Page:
What in the World Were the Colts Thinking on that Fake Punt?
By Ha Kung Wong Indianapolis Colts
On Sunday Night Football, The New England Patriots manage to beat the Indianapolis Colts 34-27. It actually was a much closer game than I imagined it would be, seeing as how the Patriots were on a “screw everyone in 2015 for doubting us and our footballs” scoring spree and the Colts were barely healthy enough to get on the field. But the biggest shocker was how the Patriots won, which had nothing to do with what the Patriots did, and a lot to do with what the Colts did on an ill fated fake punt with a minute and 14 seconds left in the third quarter.
On 4th and 3, the Colts initially lined up to punt, but then shifted to a bizarre formation with only WR Griff Walen on the ball and S Colt Anderson presumably under center. Of course, one problem was that this formation was totally illegal. The other problem is that Anderson is a safety. For those who don’t watch a lot of football, safeties don’t normally line up under center…or play offense at all. But more bizarre is what transpired after they took that formation.
At first, I thought they were simply trying to draw the Patriots offsides to get the first down. But the more I thought about it after the fact, the more I thought that perhaps there MAY have been other legitimate reasons to try this formation (though not exactly since it WAS an illegal formation, but something like it).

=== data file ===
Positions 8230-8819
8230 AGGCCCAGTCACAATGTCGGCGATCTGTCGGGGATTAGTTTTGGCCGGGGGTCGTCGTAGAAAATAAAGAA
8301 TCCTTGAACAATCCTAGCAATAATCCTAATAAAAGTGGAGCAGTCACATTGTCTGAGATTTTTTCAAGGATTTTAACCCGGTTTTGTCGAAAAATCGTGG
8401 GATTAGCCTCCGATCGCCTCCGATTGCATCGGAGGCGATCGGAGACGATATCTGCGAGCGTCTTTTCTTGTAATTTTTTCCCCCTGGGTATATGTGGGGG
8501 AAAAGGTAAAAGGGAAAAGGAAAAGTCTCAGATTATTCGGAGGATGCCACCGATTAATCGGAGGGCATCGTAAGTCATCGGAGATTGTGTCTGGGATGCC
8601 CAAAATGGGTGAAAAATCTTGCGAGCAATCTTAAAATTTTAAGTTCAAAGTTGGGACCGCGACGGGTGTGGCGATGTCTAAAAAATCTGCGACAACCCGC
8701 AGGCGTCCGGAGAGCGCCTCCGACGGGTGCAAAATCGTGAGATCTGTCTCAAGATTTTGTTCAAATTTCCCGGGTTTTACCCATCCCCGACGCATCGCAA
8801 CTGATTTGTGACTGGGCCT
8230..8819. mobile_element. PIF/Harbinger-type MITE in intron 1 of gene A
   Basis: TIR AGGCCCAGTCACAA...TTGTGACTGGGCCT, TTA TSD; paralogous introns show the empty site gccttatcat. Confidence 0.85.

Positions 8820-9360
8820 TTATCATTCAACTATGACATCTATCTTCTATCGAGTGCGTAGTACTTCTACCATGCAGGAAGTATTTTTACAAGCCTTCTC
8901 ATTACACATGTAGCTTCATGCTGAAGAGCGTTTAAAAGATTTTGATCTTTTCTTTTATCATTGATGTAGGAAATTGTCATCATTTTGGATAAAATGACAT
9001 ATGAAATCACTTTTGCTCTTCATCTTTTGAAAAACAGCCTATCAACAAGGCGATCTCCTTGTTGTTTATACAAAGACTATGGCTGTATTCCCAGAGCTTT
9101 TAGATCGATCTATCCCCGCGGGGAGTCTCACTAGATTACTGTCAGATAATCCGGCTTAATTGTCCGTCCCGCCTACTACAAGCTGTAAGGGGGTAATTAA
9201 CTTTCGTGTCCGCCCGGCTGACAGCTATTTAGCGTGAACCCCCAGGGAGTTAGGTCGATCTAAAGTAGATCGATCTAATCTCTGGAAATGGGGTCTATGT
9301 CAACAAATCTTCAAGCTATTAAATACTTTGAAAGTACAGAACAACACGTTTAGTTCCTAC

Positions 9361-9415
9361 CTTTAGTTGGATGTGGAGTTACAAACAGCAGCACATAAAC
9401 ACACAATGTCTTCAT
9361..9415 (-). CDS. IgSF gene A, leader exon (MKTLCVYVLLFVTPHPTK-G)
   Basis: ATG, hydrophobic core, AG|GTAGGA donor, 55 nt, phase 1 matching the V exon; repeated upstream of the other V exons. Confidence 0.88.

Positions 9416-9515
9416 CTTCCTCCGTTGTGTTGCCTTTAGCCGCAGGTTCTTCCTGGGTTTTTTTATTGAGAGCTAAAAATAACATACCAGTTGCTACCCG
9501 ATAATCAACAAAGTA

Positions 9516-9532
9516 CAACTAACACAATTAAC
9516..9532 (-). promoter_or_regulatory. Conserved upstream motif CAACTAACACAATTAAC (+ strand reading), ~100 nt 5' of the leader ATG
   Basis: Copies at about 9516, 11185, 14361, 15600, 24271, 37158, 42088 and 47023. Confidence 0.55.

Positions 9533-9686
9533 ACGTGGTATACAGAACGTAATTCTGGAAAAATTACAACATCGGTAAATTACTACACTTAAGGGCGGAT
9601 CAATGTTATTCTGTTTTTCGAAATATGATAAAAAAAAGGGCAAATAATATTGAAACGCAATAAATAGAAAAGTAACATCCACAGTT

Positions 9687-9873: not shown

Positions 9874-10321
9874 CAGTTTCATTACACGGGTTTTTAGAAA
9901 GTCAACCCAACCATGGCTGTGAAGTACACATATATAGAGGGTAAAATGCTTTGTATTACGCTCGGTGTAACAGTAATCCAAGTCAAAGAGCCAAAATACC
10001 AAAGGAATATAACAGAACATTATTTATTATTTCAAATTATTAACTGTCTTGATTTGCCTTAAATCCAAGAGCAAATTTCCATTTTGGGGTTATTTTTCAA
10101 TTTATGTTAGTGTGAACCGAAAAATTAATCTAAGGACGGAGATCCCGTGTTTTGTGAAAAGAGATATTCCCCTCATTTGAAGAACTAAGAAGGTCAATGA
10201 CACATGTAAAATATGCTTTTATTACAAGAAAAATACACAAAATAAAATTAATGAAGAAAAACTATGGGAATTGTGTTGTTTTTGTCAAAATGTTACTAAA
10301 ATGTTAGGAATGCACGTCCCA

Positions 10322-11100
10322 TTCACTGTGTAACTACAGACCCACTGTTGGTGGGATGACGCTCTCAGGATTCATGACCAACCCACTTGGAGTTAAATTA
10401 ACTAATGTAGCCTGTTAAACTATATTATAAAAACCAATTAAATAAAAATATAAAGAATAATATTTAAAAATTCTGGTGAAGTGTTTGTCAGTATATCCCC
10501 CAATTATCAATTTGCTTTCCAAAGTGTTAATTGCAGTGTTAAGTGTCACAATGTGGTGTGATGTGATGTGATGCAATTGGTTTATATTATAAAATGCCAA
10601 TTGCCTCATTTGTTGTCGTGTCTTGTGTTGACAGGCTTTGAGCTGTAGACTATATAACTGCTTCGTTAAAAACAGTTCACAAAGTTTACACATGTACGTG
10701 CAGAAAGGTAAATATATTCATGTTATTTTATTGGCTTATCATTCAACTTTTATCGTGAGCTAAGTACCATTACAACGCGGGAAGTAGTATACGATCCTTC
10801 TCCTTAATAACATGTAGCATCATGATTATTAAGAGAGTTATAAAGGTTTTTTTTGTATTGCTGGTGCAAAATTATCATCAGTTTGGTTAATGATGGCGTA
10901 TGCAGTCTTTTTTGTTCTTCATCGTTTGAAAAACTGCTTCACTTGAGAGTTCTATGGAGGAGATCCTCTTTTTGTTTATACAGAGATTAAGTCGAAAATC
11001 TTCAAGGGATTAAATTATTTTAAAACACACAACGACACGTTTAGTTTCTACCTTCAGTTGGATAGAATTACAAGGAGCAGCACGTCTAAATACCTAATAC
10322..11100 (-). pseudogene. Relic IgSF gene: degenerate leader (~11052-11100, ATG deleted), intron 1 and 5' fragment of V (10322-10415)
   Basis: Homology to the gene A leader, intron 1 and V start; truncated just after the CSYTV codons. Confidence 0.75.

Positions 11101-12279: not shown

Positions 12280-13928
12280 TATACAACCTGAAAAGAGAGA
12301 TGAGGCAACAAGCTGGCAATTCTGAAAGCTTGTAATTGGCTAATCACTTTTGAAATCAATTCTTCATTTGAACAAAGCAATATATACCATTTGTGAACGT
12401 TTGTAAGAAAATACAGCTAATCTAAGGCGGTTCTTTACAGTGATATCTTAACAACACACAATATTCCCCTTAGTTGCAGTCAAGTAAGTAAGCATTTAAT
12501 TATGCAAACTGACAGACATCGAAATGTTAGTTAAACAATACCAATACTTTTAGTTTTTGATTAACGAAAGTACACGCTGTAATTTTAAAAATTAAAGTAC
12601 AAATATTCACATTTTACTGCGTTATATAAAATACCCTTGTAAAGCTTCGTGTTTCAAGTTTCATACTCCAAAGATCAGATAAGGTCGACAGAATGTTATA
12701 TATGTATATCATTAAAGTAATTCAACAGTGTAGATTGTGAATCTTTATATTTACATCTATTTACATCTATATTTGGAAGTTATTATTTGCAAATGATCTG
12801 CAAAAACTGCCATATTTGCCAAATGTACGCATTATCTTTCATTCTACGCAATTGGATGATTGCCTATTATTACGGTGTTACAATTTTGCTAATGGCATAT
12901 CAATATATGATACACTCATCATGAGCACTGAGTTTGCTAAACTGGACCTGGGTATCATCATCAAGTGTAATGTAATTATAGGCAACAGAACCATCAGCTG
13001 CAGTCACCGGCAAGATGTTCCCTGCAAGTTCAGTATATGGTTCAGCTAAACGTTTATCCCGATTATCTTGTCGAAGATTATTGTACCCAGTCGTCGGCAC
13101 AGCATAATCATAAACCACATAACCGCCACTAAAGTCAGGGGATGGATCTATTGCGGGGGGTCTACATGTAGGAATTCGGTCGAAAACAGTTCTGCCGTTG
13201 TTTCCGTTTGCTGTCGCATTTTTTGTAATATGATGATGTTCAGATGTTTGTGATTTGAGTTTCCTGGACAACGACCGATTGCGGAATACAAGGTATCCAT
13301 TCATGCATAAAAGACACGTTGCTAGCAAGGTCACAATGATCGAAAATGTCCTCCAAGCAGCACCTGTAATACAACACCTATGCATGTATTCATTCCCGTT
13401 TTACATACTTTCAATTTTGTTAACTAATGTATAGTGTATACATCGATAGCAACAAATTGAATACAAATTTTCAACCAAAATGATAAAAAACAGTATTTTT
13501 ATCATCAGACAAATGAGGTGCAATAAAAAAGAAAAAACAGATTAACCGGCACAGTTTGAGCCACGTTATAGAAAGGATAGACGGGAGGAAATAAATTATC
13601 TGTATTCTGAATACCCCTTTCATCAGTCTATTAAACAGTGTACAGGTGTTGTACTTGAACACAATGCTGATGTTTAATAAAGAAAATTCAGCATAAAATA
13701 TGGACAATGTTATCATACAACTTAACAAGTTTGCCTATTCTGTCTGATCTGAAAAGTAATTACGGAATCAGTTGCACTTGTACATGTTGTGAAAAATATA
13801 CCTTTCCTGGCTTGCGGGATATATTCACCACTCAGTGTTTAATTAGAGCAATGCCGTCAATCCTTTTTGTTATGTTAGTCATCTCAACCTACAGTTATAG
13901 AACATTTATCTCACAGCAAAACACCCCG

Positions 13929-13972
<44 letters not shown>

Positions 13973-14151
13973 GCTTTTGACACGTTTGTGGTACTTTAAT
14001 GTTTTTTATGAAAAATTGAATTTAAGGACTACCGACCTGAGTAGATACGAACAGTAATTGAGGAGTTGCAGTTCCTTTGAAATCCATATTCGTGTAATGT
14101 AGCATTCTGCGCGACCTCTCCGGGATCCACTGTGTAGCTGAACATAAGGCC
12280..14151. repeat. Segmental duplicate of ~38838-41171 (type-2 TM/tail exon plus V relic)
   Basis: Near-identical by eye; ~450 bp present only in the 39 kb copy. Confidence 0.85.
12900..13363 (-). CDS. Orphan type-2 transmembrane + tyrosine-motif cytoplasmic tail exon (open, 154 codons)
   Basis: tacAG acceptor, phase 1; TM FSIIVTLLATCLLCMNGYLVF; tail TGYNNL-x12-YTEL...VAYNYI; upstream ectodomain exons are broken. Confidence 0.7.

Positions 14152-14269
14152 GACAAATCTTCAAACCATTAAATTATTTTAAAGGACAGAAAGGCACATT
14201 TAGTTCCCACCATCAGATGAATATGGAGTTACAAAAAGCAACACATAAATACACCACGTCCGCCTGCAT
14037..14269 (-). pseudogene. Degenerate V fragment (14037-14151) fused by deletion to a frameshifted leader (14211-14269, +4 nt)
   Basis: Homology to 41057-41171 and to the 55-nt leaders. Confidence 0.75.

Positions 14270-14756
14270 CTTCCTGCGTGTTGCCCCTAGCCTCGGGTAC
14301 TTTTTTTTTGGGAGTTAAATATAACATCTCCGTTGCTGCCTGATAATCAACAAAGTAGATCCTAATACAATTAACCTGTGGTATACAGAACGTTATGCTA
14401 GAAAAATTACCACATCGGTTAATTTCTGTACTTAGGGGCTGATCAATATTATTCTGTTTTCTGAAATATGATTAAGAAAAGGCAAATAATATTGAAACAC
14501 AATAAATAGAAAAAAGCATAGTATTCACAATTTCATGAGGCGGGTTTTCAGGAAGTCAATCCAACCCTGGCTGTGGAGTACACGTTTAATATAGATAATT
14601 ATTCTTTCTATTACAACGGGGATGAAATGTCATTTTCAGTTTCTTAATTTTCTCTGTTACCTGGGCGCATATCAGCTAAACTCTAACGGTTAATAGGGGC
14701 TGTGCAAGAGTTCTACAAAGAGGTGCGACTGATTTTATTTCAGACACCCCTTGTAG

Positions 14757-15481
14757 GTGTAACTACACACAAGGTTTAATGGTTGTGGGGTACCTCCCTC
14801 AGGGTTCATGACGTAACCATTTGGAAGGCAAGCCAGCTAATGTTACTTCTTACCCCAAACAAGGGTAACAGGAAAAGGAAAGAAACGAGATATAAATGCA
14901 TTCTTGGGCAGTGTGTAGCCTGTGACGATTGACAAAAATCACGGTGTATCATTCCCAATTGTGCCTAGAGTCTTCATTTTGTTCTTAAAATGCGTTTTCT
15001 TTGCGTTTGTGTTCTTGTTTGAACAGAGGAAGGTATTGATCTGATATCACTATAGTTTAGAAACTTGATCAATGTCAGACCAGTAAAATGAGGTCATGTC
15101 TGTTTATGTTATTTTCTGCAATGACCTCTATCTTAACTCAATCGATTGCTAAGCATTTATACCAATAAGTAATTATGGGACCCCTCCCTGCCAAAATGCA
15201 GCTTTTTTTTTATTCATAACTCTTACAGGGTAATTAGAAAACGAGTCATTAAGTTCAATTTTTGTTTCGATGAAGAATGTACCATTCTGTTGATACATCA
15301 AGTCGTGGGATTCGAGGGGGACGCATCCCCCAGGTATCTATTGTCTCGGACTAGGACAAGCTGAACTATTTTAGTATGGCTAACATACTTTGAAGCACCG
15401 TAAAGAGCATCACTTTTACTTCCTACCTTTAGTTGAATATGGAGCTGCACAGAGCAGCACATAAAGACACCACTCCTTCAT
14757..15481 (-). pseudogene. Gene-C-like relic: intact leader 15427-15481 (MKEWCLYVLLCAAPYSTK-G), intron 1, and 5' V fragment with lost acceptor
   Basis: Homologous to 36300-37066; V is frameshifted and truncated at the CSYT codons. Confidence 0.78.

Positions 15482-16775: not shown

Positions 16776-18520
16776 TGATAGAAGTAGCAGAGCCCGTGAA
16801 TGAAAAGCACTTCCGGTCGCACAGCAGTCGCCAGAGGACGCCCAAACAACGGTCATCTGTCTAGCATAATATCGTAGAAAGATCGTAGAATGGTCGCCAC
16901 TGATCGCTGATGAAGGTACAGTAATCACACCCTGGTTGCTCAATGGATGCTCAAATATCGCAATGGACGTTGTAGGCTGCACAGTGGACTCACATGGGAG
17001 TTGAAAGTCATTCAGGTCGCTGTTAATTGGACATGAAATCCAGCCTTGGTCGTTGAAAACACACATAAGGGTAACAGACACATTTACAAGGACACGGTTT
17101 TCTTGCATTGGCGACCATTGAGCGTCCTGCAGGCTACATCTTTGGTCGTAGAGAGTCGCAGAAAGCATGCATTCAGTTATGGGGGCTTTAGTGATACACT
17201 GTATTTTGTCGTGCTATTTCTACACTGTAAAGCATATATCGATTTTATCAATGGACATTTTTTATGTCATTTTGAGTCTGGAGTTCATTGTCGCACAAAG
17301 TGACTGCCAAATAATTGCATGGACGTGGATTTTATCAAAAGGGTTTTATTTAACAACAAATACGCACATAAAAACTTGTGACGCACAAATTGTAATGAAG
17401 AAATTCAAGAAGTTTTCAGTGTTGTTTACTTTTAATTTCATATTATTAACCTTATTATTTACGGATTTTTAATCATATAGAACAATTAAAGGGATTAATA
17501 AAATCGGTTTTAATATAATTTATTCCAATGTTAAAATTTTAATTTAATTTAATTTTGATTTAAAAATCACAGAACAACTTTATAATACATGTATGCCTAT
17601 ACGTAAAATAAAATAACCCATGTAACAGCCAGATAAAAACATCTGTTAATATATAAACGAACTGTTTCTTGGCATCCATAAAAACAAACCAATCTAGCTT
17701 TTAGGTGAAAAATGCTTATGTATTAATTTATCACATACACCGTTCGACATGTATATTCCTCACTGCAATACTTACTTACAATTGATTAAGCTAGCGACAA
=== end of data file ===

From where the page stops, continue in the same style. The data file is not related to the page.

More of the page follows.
Perhaps they were trying to do something like the University of Maine did for this two-point conversion, which was essentially a simple weak side sweep:
— Maine Football (@BlackBearsFB) October 19, 2015
Or maybe they were trying to be a little trickier, like Texas Tech did with this two-point conversion, which required some good timing but ultimately was simply amazing:
Of course, none of that actually happened for the Colts. Instead, this is what happened:
— NFL (@NFL) October 19, 2015
So, clearly, Walen had a lot of confidence that Anderson was going to be able to leap five defenders in a single bound Super Man-style or that he was Bobby Boucher from the classic Adam Sandler film “Waterboy”.
Of course, later, Coach Chuck Pagano tried to explain:
“The whole idea there was on fourth-and-3 or less, shift our alignment to where you either catch them misaligned, they try to sub some people in, catch them with 12 men on the field and if you get a certain look, you can make a play. Alignment-wise we weren’t lined up correctly, and then a communication problem on the snap. I take responsibility for that.”
Um, wow. That’s a pretty complicated plan to try and catch them with 12 men on the field. I suspect if the Pats were really scared, they would have just called a timeout. Though I doubt they were concerned since Bill Belichick probably noticed that a number of Colts weren’t properly on the line of scrimmage, so it was an illegal formation anyway.
Either way, perhaps the Colts should try less complicated trick plays from here on in. I suppose if the plan somehow worked, we’d all be calling Pagano a genius right now. But in this case, I think Pagano just managed to out think his own team.